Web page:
An Ohio City Granted Lake Erie The Same Legal Rights As People—A U.S. First

Published May 7, 2019
Updated August 6, 2019
Published May 7, 2019
Updated August 6, 2019

Despite opposition from farmers, Toledo residents voted to grant the Great Lake legal rights. Regular algae blooms had tainted the city's drinking water.

Lake Erie Algae

NOAA Great Lakes Environmental Research Lab/FlickrLake Erie has become the first natural resource to be granted the same legal rights as humans in U.S. history.

For the first time in U.S. history, a natural resource was granted the same legal rights as humans. Voters in Toledo, Ohio recently cast ballots in favor of providing Lake Erie with rights that would allow citizens to sue polluters or any other harmful entities on behalf of the lake when its health is threatened, according to Vox.

“We’ve been using the same laws for decades to try and protect Lake Erie. They’re clearly not working,” said Toledoans for Safe Water activist Markie Miller in a statement after the vote passed. “Beginning today, with this historic vote, the people of Toledo and our allies are ushering in a new era of environmental rights by securing the rights of the Great Lake Erie.”

The Algae In Lake Erie Got So Bad It Tainted People’s Drinking Water

Lake Erie’s algae blooms have been a regular occurrence since the late 1990s, due at least in part to runoff pollution from nearby farmland. In 2014, the bloom was so toxic that the city of Toledo instituted a three-day tap water ban, leaving 110 people sick and half a million people without safe tap water.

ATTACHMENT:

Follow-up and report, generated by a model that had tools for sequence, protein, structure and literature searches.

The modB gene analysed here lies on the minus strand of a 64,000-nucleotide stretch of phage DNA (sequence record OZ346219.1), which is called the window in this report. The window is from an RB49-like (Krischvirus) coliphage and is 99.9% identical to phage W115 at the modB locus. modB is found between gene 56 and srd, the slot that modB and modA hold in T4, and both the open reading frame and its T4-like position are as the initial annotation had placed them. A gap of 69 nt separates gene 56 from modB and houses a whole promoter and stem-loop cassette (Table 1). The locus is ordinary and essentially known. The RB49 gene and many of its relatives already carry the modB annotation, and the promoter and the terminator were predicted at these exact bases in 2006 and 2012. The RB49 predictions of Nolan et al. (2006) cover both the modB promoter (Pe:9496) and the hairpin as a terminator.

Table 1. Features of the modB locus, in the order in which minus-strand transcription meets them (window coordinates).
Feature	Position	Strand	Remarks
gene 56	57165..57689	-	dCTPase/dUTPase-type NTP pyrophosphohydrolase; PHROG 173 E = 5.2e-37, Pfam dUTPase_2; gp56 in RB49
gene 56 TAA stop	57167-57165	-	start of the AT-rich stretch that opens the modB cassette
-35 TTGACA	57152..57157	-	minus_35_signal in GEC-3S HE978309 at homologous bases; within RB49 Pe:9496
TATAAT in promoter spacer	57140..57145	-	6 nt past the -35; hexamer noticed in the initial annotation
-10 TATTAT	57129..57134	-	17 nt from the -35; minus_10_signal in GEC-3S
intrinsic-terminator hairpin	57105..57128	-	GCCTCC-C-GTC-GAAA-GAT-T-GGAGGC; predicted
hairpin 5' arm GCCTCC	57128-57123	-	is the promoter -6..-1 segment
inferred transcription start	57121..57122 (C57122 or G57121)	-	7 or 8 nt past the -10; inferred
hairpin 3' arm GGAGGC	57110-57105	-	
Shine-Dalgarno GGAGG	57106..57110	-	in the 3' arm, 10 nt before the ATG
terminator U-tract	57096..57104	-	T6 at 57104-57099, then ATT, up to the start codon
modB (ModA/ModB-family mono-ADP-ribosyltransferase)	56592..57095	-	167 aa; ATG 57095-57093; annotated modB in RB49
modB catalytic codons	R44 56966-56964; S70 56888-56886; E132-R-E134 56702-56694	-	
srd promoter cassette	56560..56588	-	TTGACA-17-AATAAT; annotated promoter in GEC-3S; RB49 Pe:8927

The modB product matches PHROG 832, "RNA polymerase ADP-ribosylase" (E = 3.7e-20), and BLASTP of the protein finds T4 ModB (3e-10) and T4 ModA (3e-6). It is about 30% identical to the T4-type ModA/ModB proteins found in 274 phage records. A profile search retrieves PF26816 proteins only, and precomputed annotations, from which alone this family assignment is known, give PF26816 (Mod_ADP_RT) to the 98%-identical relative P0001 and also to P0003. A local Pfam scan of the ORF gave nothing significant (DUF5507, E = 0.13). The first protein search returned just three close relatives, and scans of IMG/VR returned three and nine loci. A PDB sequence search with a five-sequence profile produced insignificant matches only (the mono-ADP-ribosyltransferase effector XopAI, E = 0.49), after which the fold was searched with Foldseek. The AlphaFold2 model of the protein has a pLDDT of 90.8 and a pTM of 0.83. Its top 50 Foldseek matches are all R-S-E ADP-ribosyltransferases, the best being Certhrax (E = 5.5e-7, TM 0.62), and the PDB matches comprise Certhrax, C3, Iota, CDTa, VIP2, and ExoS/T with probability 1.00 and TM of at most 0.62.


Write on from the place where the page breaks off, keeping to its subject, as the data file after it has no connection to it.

“For three days in 2014, we lost access to our drinking water, and we didn’t see any action come out of that,” Miller told CityLab. “We wanted to do something for ourselves.”

Local advocates began brainstorming ways to gain larger protections for the Great Lake. They settled on the novel approach of pursuing legal rights for Lake Erie. Advocates garnered enough support to get a measure on the ballot and Toledo residents voted for the Lake Erie Bill of Rights Charter Amendment in February with 61 percent in favor.

Algae Bloom Erie

NASA Earth Observatory/LandsatNASA satellite image of toxic algae bloom in Lake Erie.

The bill’s passing comes at a time when water levels in the lake are predicted to reach record highs, flooding the coastline and eroding land in Ohio and other areas. Environmental advocates argue that these impending floods make maintaining the lake’s healthy ecosystem more important than ever.

Although the measure to grant Lake Erie legal status won, it’s had its fair share of opposition. The morning after the ballot initiative passed, one Ohio farm sued to get it thrown out. That case is still pending.

Lake Erie Isn’t The Only “Natural Object” With Rights

Instances of federal governments granting official rights to their natural resources are part of a larger movement called the Rights Of Nature movement.

According to the Global Alliance For The Rights Of Nature, this movement is “the recognition that our ecosystems–including trees, oceans, animals, mountains–have rights just as human beings have rights. Rights of Nature is about balancing what is good for human beings against what is good for other species, what is good for the planet as a world.”

Environmental lawyer Christopher Stone was an early advocate for the Rights of Nature movement. Back in 1972, he made his case in a law review article titled, “Should Trees Have Standing?—Toward Legal Rights for Natural Objects.” Since then, the movement has picked up considerable steam.

In 2008, Ecuador rewrote its constitution to acknowledge the rights of Mother Nature. In 2014, New Zealand granted personhood to its Te Urewera forest while, three years later, Indian courts followed suit and ruled that the Ganges and Yamuna rivers had rights to exist, thrive, and evolve, just like a human being.

Although granting personhood status to nature might seem like a strange thing to do, corporations — which, like natural resources, are not human beings — have enjoyed the same “people” status dating back to the 1880s. Maybe using this legal standing as a way to protect Earth’s most valuable resources is not so crazy after all.


Next up, learn about Kazakhstan’s stunning Lake Kaindy. Then, read about the fantastic turquoise ice of Lake Baikal, the deepest lake in the world.

Natasha Ishak
Natasha Ishak is a staff writer at All That's Interesting.